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What are primary and secondary sources?

What are Primary and Secondary Sources?

Brought to you by the University of Houston Libraries.

Sometimes during the course of your research, your instructor may ask you to use primary sources. But what is a primary source, and what distinguishes it from a secondary source?

A primary source is a firsthand account of a topic, generally created by someone who had direct knowledge of the event or topic described, and created during the time period being studied.

Examples of primary sources include research studies, statistics, data, diaries, letters, interviews, art, maps, videos, legal documents, government documents, and even a Tweet or other form of social media.

Secondary sources analyze, interpret, and synthesize primary sources. Examples include books, and scholarly and magazine articles that interpret or analyze previous findings.

However, it’s important to keep in mind that whether a source is a primary or secondary source will depend on the context in which it’s used, and primary and secondary sources are different depending on the discipline or subject area.For example, original, scholarly research articles are considered primary sources in the sciences and social sciences, but are generally considered secondary sources in the humanities.

Let’s say you’re conducting historical research about the incarceration of Japanese Americans during World War II, and in the library you find a collection of letters from the 1940s written by a family who lived in the internment camps. Those letters would be considered a primary source because they offer firsthand accounts of the event you are studying, written by people with direct knowledge of the event. Later you find a scholarly book on the topic of Japanese American internment written by a researcher from the 1990s. It is considered a secondary source, because it does not come from the time period you’re researching and does not offer first hand evidence of the event. Instead, it synthesizes and interprets various primary sources about the event to make its argument.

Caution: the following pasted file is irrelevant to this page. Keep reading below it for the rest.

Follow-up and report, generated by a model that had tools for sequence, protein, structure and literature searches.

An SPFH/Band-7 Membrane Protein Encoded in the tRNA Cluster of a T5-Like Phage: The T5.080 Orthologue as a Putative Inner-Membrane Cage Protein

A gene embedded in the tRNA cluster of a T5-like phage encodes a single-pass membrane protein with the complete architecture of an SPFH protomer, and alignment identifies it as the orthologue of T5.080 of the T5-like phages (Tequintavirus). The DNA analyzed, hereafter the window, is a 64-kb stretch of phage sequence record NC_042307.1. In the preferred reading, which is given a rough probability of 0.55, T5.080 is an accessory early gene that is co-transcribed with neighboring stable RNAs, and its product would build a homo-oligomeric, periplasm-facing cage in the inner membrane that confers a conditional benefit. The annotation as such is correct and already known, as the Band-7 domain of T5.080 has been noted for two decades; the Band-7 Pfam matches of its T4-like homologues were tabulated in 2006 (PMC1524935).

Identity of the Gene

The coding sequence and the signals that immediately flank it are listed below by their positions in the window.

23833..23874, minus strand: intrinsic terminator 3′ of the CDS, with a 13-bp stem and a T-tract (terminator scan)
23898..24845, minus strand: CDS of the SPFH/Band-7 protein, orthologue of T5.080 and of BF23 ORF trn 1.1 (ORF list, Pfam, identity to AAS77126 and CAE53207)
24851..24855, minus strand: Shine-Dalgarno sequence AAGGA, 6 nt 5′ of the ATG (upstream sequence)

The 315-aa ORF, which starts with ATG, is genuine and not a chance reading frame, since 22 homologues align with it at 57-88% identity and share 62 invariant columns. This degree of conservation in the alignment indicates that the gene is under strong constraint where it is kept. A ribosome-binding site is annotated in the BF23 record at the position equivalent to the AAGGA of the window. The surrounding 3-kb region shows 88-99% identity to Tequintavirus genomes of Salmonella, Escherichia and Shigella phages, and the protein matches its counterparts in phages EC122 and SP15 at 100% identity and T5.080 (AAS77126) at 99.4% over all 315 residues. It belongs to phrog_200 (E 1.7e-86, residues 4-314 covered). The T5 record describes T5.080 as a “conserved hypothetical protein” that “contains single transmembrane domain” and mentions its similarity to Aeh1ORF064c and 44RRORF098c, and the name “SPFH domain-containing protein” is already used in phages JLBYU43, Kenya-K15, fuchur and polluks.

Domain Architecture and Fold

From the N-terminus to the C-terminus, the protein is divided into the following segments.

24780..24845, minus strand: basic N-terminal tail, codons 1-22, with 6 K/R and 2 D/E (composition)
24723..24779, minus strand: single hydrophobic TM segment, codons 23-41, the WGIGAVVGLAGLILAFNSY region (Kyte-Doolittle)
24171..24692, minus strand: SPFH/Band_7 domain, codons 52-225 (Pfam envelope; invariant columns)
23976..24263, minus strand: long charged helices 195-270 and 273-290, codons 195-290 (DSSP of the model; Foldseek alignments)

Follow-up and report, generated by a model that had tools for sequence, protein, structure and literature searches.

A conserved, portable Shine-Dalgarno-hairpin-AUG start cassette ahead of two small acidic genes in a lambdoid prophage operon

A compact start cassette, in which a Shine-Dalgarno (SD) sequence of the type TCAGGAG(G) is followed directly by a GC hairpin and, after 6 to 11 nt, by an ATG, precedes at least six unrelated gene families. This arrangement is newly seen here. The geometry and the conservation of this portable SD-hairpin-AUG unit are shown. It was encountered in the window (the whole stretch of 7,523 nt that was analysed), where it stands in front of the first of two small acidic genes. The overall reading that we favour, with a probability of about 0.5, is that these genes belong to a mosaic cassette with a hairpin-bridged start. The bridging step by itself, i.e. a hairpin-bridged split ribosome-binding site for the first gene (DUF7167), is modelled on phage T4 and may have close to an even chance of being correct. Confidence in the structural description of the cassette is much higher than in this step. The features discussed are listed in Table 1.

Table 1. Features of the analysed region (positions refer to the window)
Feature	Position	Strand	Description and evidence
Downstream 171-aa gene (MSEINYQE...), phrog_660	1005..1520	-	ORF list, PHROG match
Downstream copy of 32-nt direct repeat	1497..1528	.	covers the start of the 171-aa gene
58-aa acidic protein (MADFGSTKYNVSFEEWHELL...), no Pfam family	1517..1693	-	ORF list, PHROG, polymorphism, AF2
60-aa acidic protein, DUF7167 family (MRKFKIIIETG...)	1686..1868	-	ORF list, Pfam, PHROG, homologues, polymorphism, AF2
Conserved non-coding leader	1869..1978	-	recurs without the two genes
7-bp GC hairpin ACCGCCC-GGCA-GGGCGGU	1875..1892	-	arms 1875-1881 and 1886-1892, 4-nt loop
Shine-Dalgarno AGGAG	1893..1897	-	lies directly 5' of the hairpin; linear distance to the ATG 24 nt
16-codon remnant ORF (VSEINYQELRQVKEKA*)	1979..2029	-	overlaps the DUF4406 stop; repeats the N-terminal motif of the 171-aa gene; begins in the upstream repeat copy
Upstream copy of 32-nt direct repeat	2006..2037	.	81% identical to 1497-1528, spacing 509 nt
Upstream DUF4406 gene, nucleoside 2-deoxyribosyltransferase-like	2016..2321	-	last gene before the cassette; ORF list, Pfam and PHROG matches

Now let’s say you’re writing a research paper for your health sciences class about the human immune system and you find several scholarly articles describing original research about new treatments for autoimmune disorders. Those would be considered primary sources because they provide a full description of original research and were written by scholars with direct knowledge of the topic. You also find a textbook about the human immune system that provides a comprehensive overview of the subject. That’s considered a secondary source because it synthesizes and analyzes previous research findings.

If you still have questions about primary and secondary sources, contact UH Libraries for help.